We're all dragging by mid-afternoon — it's okay to admit it. You've got to power through the rest of your day, though. Maybe you reach for something to give you a little jolt: your favorite candy bar, or a fizzy drink, or if you're being virtuous, fruit or juice.
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There's no need to moralize about the health implications of any of those snacks. However, it is worth knowing if they're doing what you want them to do, which is boost your energy. According to new research from England's University of Warwick, you'd better brace yourself for disappointment. Not only does sugar generally make you feel worse, the sugar rush you're relying on isn't even real.
Scientists at three major universities looked at data from 31 published studies, which had about 1,300 adult participants among them. In addition to examining how sugar affects "anger, alertness, depression, and fatigue," the teams also looked into how "the quantity and type of sugar consumed might affect mood, and whether engaging in demanding mental and physical activities made any difference."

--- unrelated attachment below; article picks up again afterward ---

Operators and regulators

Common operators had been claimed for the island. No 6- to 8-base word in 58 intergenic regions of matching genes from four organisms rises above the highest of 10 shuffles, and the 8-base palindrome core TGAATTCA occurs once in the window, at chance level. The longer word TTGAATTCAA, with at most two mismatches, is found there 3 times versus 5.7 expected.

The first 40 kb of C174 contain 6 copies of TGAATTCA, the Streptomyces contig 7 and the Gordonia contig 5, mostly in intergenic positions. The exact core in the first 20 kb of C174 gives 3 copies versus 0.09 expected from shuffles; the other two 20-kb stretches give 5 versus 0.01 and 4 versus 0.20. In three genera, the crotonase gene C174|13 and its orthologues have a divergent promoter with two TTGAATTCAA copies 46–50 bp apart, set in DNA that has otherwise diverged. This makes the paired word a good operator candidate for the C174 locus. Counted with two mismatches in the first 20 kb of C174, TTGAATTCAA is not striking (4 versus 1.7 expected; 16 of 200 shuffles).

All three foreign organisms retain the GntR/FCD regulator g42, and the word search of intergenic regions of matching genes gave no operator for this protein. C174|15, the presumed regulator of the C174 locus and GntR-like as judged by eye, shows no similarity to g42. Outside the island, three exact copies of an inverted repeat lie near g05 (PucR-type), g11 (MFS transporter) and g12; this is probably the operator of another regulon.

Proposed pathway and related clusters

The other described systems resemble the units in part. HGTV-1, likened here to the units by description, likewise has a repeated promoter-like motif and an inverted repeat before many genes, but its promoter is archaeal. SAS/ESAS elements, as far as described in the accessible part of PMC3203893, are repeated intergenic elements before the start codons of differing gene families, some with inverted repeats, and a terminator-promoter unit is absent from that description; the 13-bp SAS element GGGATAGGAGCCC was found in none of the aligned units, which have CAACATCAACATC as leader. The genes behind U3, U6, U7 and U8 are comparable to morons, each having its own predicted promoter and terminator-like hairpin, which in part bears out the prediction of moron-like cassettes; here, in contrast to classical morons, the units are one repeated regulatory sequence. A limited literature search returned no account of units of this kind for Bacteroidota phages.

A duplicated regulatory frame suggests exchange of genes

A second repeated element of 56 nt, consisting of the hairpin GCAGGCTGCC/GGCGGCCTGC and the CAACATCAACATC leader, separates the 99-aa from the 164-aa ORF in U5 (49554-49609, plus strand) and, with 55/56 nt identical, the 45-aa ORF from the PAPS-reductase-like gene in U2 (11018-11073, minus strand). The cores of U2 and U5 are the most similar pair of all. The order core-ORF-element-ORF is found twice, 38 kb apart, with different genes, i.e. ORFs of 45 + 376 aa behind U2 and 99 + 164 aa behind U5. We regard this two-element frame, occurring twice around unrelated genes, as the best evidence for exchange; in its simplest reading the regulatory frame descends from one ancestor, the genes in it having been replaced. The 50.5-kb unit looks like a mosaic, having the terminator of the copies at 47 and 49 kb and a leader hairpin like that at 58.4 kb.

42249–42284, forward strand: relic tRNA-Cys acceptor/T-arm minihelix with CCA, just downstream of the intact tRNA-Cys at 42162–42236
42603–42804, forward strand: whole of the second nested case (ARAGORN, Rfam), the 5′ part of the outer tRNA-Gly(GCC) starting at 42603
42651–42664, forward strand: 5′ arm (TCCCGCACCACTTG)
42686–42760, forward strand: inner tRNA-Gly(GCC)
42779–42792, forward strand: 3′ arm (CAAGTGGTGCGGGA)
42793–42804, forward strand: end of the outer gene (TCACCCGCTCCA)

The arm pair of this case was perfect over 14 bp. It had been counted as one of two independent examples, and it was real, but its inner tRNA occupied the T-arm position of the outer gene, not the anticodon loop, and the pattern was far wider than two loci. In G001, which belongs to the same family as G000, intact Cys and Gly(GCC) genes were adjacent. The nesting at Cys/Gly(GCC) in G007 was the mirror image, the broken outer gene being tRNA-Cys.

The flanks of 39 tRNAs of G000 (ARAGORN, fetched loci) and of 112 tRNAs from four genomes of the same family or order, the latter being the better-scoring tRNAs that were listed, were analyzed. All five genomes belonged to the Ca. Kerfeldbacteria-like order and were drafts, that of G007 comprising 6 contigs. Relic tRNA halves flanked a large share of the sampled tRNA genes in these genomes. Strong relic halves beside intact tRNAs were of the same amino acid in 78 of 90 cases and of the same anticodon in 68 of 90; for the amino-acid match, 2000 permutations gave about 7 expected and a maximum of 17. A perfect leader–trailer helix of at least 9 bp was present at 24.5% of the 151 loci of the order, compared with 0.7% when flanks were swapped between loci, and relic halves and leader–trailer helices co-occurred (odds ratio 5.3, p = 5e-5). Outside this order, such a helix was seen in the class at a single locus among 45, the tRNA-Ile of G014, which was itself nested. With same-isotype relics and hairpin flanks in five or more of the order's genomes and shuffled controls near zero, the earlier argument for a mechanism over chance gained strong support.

The difference was none, or at least, nothing positive. Per a press release, "people who consumed sugar felt more tired and less alert than those who had not."
The sugar rush may not be real, but workplace fatigue absolutely is. Some possible solutions are simple, though you've definitely heard them before. Moving your body can help, so take a quick walk, outside if you can. Dehydration can feel a lot like hunger, so drinking water throughout the day can also help. This doesn't mean you should forgo your favorite snacks — just know what you're buying and what you'll get.